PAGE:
1. Oct 14, 2012

### troytroy

1. The problem statement, all variables and given/known data

consider the position vector expressed in terms of its cartesian components, r=xiei. Let w=wjej be a fixed vector whose components wj are constants that do not depend on the xi, so that δwj/δxi = 0

2. Relevant equations

I am trying to evaluate ∇((wXr)^2)

3. The attempt at a solution

2. Oct 14, 2012

### gabbagabbahey

Hi troytroy, welcome to PF!

What have you tried and where are you stuck?

3. Oct 14, 2012

### troytroy

I am getting confused on where to begin when using index notation for these kind of problems

4. Oct 14, 2012

### gabbagabbahey

Well, here you are being asked to calulate the gradient of some scalar function, so a good place to start would be to look up the expression for the gradient of a general scalar function $f$ in index notation. What is that?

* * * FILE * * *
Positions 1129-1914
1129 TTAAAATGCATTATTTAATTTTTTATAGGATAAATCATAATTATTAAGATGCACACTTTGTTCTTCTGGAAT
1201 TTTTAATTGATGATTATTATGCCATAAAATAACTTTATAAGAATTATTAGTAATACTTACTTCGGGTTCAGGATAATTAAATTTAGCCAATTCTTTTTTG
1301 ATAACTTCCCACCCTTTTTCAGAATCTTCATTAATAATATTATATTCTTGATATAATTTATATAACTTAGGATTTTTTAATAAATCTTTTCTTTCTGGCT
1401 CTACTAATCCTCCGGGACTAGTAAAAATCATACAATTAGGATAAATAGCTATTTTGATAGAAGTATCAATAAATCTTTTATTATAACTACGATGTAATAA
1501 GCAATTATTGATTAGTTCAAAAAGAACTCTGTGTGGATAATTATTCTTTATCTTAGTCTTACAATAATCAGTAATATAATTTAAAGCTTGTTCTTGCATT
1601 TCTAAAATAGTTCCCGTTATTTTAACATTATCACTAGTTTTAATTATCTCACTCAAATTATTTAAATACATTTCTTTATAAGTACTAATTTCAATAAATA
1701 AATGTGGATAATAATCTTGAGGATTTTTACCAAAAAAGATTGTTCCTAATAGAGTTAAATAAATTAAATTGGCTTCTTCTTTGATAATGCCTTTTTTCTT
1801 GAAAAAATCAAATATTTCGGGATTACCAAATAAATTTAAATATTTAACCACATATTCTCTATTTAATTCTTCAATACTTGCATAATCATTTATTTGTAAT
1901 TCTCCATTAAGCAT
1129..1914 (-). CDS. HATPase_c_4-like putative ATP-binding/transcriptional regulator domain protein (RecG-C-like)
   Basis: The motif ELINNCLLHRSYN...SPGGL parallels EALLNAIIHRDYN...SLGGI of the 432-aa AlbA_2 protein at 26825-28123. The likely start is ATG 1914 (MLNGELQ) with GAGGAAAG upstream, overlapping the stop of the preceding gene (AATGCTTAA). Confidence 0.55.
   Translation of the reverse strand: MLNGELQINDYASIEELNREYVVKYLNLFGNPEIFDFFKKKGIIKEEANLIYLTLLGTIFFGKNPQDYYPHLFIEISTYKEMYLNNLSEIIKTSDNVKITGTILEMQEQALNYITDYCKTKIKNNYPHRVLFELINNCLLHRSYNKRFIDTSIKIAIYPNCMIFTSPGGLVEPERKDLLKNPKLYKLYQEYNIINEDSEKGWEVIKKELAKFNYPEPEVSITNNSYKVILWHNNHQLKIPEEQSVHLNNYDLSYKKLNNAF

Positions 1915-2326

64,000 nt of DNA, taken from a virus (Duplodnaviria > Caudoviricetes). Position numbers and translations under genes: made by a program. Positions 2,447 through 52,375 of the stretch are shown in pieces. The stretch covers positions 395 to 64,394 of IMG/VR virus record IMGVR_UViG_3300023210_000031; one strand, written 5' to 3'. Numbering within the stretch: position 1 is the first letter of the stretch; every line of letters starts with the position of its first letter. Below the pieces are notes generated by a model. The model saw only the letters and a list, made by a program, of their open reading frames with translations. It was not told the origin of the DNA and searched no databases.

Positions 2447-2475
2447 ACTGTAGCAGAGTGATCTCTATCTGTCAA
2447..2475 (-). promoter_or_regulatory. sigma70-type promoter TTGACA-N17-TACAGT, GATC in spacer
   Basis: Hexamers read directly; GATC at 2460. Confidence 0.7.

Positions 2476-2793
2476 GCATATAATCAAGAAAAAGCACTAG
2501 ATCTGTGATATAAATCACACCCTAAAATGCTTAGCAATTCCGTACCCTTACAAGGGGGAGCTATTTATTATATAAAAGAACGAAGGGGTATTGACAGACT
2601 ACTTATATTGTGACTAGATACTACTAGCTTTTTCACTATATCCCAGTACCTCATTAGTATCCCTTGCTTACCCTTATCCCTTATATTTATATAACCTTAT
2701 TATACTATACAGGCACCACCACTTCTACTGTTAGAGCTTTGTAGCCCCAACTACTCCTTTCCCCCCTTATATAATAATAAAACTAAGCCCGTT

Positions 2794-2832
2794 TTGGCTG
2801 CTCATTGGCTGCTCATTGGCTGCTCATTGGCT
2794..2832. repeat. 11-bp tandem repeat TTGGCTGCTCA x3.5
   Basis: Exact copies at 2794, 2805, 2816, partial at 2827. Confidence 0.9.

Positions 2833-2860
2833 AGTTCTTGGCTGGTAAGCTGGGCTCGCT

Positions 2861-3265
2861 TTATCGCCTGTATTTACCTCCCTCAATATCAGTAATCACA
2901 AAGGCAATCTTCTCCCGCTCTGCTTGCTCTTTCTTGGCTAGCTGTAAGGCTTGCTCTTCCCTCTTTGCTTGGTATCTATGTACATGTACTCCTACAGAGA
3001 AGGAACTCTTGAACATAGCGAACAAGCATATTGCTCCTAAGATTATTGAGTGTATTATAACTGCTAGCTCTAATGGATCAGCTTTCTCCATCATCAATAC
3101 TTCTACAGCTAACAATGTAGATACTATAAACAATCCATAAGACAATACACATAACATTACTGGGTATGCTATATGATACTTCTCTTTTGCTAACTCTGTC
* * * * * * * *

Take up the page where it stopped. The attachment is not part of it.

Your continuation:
Next consider that in this case, the scalar function in question is the scalar product of of a vector with itself, $(\mathbf{w}\times\mathbf{r})^2$ (the norm-squared of a vector is usually written as $||\mathbf{v}||^2$, but some authors will use more clumsy notation and just call it $\mathbf{v}^2$. Either way the norm-squared of a vector is given by the scalar product of a vector with itself). So, how do you express the scalar product of a vector with itself in index notation?

Finally, consider that the vector whose norm-square you are taking the gradient of is, in this case, the cross product of a vector with another vector, $\mathbf{w}\times\mathbf{r}$. How do you represent a cross product like this in index notation?